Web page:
Wales took six weeks longer than England to make face masks mandatory on public transport. Mr Drakeford said it was on advice of the Welsh CMO because Mr Atherton was “sceptical” about the merits of face masks, despite drawing from the same scientific research.

Mr Drakeford seemed to imply he supported introducing it but Mr Atherton disagreed fearing it would make people behave in a more risky way. To this the chair of the inquiry asked why he didn't overrule the advice saying Mr Drakeford “could have justified" making a decision" because [you] were trying to be cautious in Wales.”

The First Minister agreed but said this would have “undermined the CMO”. But if this was the case why is Mr Drakeford there at all? Why are we not simply making all policy based on Dr Atherton if we can’t undermine him? Baroness Hallett thought as much saying he was therefore "slavishly" following the science, something that he had earlier denied. To this Mr Drakeford said that to go against him would undermine all future decisions because they hadn’t been guided by the science this time.

The great care home contradiction

This was a particularly sensitive topic for the onlooking families as many of them had lost loved ones within care settings. Mr Drakeford was asked to explain why asymptomatic people were discharged from hospitals to care homes without testing for weeks longer than in England as Wales didn’t bring in tests until April 29.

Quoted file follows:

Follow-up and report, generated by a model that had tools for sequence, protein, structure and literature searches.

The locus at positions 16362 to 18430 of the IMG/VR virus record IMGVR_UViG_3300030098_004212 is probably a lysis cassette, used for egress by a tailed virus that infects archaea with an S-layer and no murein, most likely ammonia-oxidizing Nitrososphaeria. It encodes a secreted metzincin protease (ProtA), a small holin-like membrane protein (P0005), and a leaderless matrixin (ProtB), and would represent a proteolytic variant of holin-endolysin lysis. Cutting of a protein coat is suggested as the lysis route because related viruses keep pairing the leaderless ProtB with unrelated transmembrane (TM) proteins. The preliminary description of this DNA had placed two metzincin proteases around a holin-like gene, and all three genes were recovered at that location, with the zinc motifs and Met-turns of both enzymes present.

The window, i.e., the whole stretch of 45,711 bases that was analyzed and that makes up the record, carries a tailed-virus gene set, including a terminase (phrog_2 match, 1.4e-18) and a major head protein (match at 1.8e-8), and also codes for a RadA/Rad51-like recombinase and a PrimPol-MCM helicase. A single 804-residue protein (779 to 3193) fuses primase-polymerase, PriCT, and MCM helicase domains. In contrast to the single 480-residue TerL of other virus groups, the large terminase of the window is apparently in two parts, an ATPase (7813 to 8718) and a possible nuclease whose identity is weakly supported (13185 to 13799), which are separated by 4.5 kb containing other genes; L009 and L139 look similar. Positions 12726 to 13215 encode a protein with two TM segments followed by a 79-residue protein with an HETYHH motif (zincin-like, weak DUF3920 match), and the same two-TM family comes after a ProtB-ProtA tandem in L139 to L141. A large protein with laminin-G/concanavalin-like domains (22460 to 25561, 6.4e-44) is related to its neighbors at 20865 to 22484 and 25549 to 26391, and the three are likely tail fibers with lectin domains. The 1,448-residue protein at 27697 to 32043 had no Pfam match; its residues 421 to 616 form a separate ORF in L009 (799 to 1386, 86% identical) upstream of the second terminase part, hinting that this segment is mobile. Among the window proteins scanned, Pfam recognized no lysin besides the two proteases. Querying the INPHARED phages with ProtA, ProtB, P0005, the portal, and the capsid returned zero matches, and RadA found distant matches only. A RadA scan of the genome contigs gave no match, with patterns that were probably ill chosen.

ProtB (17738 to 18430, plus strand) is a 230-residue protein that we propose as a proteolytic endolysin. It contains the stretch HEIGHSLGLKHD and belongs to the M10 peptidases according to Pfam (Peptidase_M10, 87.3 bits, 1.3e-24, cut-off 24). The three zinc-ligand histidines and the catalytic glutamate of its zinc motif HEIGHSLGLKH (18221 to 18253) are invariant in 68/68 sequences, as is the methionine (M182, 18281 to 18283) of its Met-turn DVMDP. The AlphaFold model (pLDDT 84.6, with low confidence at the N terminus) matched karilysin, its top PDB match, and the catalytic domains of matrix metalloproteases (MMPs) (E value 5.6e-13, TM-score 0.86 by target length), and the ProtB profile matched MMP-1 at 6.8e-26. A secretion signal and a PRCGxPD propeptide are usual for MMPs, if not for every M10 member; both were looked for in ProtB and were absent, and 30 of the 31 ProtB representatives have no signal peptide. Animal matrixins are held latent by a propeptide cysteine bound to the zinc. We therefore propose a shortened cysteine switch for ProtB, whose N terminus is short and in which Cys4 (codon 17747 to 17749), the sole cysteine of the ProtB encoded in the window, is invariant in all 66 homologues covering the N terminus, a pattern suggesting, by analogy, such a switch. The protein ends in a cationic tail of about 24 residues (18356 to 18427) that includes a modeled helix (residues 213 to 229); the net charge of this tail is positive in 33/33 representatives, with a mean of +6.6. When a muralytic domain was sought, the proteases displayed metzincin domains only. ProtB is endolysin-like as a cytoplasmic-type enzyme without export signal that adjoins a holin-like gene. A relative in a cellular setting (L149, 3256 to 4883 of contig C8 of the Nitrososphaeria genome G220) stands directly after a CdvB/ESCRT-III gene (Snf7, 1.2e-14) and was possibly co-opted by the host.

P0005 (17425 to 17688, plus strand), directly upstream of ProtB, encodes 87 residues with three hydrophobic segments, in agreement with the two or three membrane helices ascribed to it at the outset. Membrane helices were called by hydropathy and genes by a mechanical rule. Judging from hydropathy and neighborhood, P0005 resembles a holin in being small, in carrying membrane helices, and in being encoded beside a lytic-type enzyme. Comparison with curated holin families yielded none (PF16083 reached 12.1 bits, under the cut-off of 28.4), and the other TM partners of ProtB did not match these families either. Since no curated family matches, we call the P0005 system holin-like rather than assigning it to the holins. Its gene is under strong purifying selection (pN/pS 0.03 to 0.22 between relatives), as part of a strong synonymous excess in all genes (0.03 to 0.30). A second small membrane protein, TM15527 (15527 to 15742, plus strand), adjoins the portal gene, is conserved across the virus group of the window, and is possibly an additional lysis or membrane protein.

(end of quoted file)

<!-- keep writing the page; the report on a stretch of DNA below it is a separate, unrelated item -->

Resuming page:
To this Mr Drakeford said that tests for care home residents then would have taken them from other people. "We were creating a priority order, and that's the debate that lies behind that decision,” he said.

Wait…what? The idea that this decision was based on limited testing capacity was thoroughly rejected by Vaughan Gething both at the time and when he gave evidence to the inquiry just two days previously. You can read a full breakdown of this here.

Prickly over WhatsApp messages

The issue of using informal messaging apps to discuss big issues of governance has been an ongoing issue throughout the Covid Inquiry both in Wales and other parts of the UK. The seeming inability of any elected official to find any of the WhatsApps they used on a daily basis has clearly frustrated the inquiry.

Questioning over this was the time when Mr Drakeford became his most prickly and visibly annoyed. He was asked about the fact that the use of WhatsApp clearly broke the policies in place at the time.